Saturday, October 5, 2013

Popularity Contest

Sheree North in How to Be Very, Very Popular (20th Century Fox, 1955)

"Sheree North, going great guns, is signed, sealed, and will be delivered for the starring role in Garson Kanin's Do Re Mi, a rock and roll racketeering story with racketeers trying to muscle into the music business. Frank Tashlin will produce and direct for 20th Century..." -- Hedda Hopper's column, July 12, 1956

"When you get some good comedy situations in a picture, you're glad you're in it. I don't have the comedy in my latest...but I do in the next, Do Re Mi...when I read the story, I never dreamed I'd get to do it!" -- Sheree North in Aline Mosby's column, August 20, 1956

Jayne Mansfield in The Girl Can't Help It [originally announced as Do Re Mi] (20th Century Fox, 1956)
"[Sheree North] is a very competent little actress. We don't compete for the same parts." -- Jayne Mansfield to columnist Aline Mosby, September 20, 1956


Jayne Mansfield in It Happened in Athens (20th Century Fox, 1962)

Jayne Mansfield publicity photo for Hell on Frisco Bay (Warner Bros., 1955)
"Oh, I couldn't be happier! [20th Century Fox] is so nice...Frank Tashlin said he had to have me for Do Re Mi...so [Fox] bought the play [Will Success Spoil Rock Hunter?] and got me out of [my Broadway contract], and here I am!" -- Jayne Mansfield to columnist Bob Thomas, September 26, 1956

Sheree North in How to Be Very, Very Popular (20th Century Fox, 1955)
Jayne Mansfield in The Girl Can't Help It (20th Century Fox, 1956)


10 comments:

  1. It is interesting that "Do Re Mi" somehow morphed into "The Girl Can't Help It," considering that "Do Re Mi" eventually became a Broadway musical in 1960. I suppose "The Girl Can't Help It" is a very loose interpretation of "Do Re Mi." They both have to do with the pop music and juke box business, and they both have a young lady who becomes a singing star (although in "Girl" the young lady is known for her siren sound as opposed to actually singing).

    Do you know why they just didn't stick with "Do Re Mi" for Jayne? And was the original script for "Do Re Mi" the movie closer to "The Girl Can't Help It" than it was for the later Broadway musical?

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    1. In all of the newspaper clippings I could find, the film was still referred to as "Do Re Mi" as late as November -- and "The Girl Can't Help It" was released in December. I suspect that it was at least planned as a more literal adaptation of the source material, if not actually scripted that way -- 75% of the news articles specifically and pointedly mention Garson Kanin's story. And here's an interesting tidbit: Kanin apparently pitched the idea of "Do Re Mi" as a screenplay, prior to publishing it as a story, to Columbia in 1952 -- as a vehicle for Judy Garland!! Obviously, rock and roll was still a twinkle in the public consciousness' eyes, so the premise would have been to have pop stars like Patti Page, Jo Stafford, Joni James, et al., as the musical guests.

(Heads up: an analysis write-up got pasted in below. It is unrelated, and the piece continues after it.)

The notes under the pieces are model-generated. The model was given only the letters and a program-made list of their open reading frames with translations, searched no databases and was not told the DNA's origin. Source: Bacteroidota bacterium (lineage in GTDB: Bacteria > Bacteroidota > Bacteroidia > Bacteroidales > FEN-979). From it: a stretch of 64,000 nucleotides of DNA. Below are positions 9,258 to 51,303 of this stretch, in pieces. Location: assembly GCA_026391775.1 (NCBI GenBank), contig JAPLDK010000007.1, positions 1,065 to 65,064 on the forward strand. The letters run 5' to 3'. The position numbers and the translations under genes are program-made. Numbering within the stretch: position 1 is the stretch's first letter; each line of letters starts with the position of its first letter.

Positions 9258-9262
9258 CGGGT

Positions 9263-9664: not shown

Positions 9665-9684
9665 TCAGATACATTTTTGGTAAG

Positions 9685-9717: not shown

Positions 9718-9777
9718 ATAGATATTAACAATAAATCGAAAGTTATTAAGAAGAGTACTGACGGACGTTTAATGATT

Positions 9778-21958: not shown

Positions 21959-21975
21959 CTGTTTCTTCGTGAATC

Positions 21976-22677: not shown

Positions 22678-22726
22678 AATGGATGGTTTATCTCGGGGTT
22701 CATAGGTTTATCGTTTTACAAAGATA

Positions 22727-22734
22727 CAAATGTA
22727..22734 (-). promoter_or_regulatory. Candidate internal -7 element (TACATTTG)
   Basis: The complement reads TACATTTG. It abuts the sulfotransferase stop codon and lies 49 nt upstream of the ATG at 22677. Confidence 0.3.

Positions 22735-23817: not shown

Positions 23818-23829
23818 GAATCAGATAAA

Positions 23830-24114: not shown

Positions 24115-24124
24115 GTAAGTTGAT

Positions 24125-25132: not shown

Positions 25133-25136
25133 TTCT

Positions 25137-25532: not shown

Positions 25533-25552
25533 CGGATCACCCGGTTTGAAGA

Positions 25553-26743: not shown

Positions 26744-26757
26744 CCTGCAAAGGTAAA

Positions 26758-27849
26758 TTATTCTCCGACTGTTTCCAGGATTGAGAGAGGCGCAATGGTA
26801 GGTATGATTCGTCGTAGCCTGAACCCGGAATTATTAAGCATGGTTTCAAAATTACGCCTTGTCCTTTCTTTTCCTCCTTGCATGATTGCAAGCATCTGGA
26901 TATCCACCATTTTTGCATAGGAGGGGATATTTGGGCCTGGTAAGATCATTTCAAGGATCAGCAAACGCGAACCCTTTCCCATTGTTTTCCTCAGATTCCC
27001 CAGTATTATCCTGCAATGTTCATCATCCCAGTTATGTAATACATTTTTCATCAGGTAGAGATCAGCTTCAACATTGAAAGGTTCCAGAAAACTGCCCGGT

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    2. Wow! It could have totally worked with a pop music angle instead of the early rock and roll angle.

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  2. Hey TJB. And do you know why the role went from Sheree to Jayne ??

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    1. Originally, Nunnally Johnson (who had directed Sheree in "How to Be Very, Very Popular") was announced as the director of "Do Re Mi." When Frank Tashlin became attached to the picture, I think he insisted on Jayne. He had a cartoonist's sensibility, and he knew that Jayne's outlandish figure would be the ultimate visual joke. Giving credit where credit is due, the pull and power of Jayne's publicity must have been HUGE at the time for Fox to buy her out of her "Rock Hunter" Broadway contract and give her a major starring role -- up to that point, she'd only done a few bits for Warners and was more or less an untested quantity, whereas Sheree had not only garnered a lot of publicity as "the successor to Monroe," but her films, although not viewed with much respect in hindsight, were actually profitable. "How to Be Very, Very Popular" is regarded with near-disdain nowadays, but although it received mixed reviews, it was a commercial success and was still playing in first-run theaters a year after its initial release; and Sheree's second film at Fox, "The Lieutenant Wore Skirts" (also directed by Tashlin, who I suppose wasn't sufficiently impressed by North's assets), was one of the studio's highest grossers of the year! So for Fox to bump Sheree in favor of Jayne really speaks to Jayne's powerful personality. And while I do think Jayne was the best choice to carry out Tashlin's vulgar vision, Sheree was a much better actress, and would have done a good, more subtle job with Nunnally Johnson at the helm, probably doing more of a Chicago gangster's moll interpretation (think a cross between Judy Holliday's Billie Dove and Lesley Ann Warren's Norma Cassidy).